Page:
treatment (TABLE 1).13
Fixed-Dose Rate GEM (FDR-GEM): Evidence supports the use of FDR-GEM for PC.14 One study found that patients given FDR-GEM had improved survival but more severe AEs, specifically hematologic toxicities.15
A subsequent trial demonstrated an increase in median OS with FDR-GEM
versus standard infusion, although this did not satisfy
protocol-specified criteria for superiority.16 FDR-GEM may be given at 10 mg/m2/min as an alternative to standard infusion over 30 minutes (TABLE 1).
GEM Combinations: Efforts to improve PC treatment have
led to the investigation of GEM given together with various other ChT
agents, but none of these combinations has demonstrated superiority over
GEM monotherapy. To date, two phase III trials have compared GEM
monotherapy with GEM in combination with 5-FU, but neither regimen
increased OS.17,18 However, one of these trials showed
improvement in progression-free survival (PFS) in patients with
primarily metastatic disease.17 The combination of GEM and 5-FU may be used in patients with good performance status.
Capecitabine (CAP), an orally administered prodrug of 5-FU, mimics the continuous infusion of 5-FU.19 As with 5-FU, CAP given with GEM has not significantly improved OS compared with GEM alone.20,21 However, in one trial, the combination did improve PFS and response rate (RR) versus GEM alone.20 The combination of GEM and CAP is a viable option for patients with locally advanced or metastatic disease.8
GEM has also been investigated in combination with alkylating agents,
with conflicting results. The combination of GEM and cisplatin (CIS)
has not demonstrated an improvement in OS. Two phase III trials of GEM
plus CIS showed a significant improvement in RR22,23; a different, larger study found no benefit in RR or PFS.24 GEM plus CIS may be a good choice for PC patients with certain family histories, such as BRCA mutation.25-27 Similarly, oxaliplatin (OX) in conjunction with GEM did not improve OS16,28; however, in one study, the combination improved PFS, RR, and clinical benefit.28 Improved OS has not been demonstrated for GEM combined with pemetrexed or irinotecan (IRI).29,30
Paclitaxel (protein-bound) plus GEM has shown activity against PC in a
phase I-II trial and may be considered for patients with advanced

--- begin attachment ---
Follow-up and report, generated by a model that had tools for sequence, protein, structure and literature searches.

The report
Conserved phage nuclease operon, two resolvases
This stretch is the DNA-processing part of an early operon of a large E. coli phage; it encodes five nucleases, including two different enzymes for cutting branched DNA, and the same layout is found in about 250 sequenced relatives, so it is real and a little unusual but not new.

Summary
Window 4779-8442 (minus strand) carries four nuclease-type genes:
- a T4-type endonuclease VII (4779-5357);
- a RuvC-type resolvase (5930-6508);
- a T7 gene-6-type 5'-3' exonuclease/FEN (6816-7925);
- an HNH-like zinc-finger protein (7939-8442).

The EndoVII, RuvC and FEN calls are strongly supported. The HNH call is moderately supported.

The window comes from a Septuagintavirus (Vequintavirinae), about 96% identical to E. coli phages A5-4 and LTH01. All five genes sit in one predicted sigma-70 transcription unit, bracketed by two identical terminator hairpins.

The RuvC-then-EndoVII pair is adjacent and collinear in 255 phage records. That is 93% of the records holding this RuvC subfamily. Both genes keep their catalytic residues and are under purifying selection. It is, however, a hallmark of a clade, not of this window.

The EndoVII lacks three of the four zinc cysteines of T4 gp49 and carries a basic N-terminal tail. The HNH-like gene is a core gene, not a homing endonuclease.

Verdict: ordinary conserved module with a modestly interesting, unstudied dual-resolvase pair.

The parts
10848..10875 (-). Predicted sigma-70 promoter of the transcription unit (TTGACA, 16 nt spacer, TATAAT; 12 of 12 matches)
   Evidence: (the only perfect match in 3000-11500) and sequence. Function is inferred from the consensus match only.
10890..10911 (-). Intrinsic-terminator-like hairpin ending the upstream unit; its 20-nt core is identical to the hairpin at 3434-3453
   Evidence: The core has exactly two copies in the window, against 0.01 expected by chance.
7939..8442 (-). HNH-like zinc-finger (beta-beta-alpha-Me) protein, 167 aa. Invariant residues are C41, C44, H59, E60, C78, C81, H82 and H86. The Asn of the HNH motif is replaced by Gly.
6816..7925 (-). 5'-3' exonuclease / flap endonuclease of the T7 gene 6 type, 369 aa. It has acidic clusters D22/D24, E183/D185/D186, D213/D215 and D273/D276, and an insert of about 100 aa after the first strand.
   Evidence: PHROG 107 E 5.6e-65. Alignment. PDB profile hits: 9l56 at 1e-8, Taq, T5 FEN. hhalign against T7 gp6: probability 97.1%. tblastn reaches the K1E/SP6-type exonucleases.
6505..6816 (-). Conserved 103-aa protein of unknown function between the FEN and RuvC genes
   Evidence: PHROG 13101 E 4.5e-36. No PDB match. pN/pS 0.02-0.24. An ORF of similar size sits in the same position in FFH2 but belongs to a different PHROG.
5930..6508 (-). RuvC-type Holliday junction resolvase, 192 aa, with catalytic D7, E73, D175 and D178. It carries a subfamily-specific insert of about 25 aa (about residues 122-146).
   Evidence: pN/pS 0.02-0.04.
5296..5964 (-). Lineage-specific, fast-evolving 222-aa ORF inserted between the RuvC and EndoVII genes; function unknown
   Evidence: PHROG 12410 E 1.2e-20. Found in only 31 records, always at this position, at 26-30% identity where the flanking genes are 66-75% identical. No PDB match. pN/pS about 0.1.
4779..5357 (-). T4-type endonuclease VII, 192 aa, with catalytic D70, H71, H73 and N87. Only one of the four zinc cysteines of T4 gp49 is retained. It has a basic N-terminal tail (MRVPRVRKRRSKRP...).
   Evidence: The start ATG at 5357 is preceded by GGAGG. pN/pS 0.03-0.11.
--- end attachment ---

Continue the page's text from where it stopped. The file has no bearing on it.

disease and good performance status.31
GEM With Tyrosine Kinase Inhibitors (TKIs) and/or Monoclonal Antibodies (Mabs): GEM
has been studied in combination with newer targeted ChT agents, such as
TKIs and Mabs. GEM plus erlotinib (ERL) is the only combination that
has shown an improvement in OS.32-36 In one study, GEM plus ERL significantly improved OS and PFS compared with GEM alone.32
Median survival favored the combination group (6.24 months in study
group vs. 5.91 months in controls), and a higher percentage of patients
survived at 1 year (23% in study group vs. 17% in control group).32 This combination is recommended for patients with locally advanced or metastatic disease and good performance status.8
Bevacizumab (BEV) combined with GEM plus ERL was studied, but this regimen did not improve OS.33
However, PFS was significantly improved compared with GEM plus ERL
alone. The addition of BEV, axitinib, or cetuximab to GEM did not
improve OS or PFS.34-36
Non-GEM Regimens: In the PRODIGE trial, FOLFIRINOX (folinic acid [LV], FU, IRI, OX) improved median PFS and median OS versus GEM.37
FOLFIRINOX has been made a category 1 recommendation for first-line
treatment of good-performance-status patients with metastatic PC, and a
category 2A recommendation for patients with locally advanced
unresectable disease. AE incidence increased with the combination
regimen, but these AEs did not significantly affect quality of life.37 CAP, 5-FU/LV/OX, and CAP plus OX are acceptable second-line options for metastatic PC.38-40
LV: There is currently an LV shortage in the U.S. Alternatives are to use levoleucovorin (TABLE 1);
lower the LV dosage for all doses in all patients, which is likely to
be just as efficacious; or increase the 5-FU dosage (10% range).8
Treatment of PC is determined by cancer staging of the cancer as
resectable, borderline resectable, or unresectable or metastatic. TABLE 3 provides an overview of current treatment recommendations for pancreatic adenocarcinoma.
THE PHARMACIST’S ROLE
The pharmacist can play a vital role in educating patients about the
necessity of routine visits to their health care provider, along with
the importance of maintaining a healthy lifestyle. Smoking cessation is
one of the most critical changes patients can make to improve their
overall health and prevent the development of cancer and many other
life-threatening diseases. Oral ChT agents such as CAP and ERL are
becoming more prevalent in the management of cancer. Educating patients
about medication adherence, safe administration of oral ChT agents, and
AE management is fundamental to optimization of therapy. Finally,
supportive care in patients receiving ChT is paramount. For more
information regarding the National Comprehensive Cancer Network’s
Guidelines for Supportive Care, visit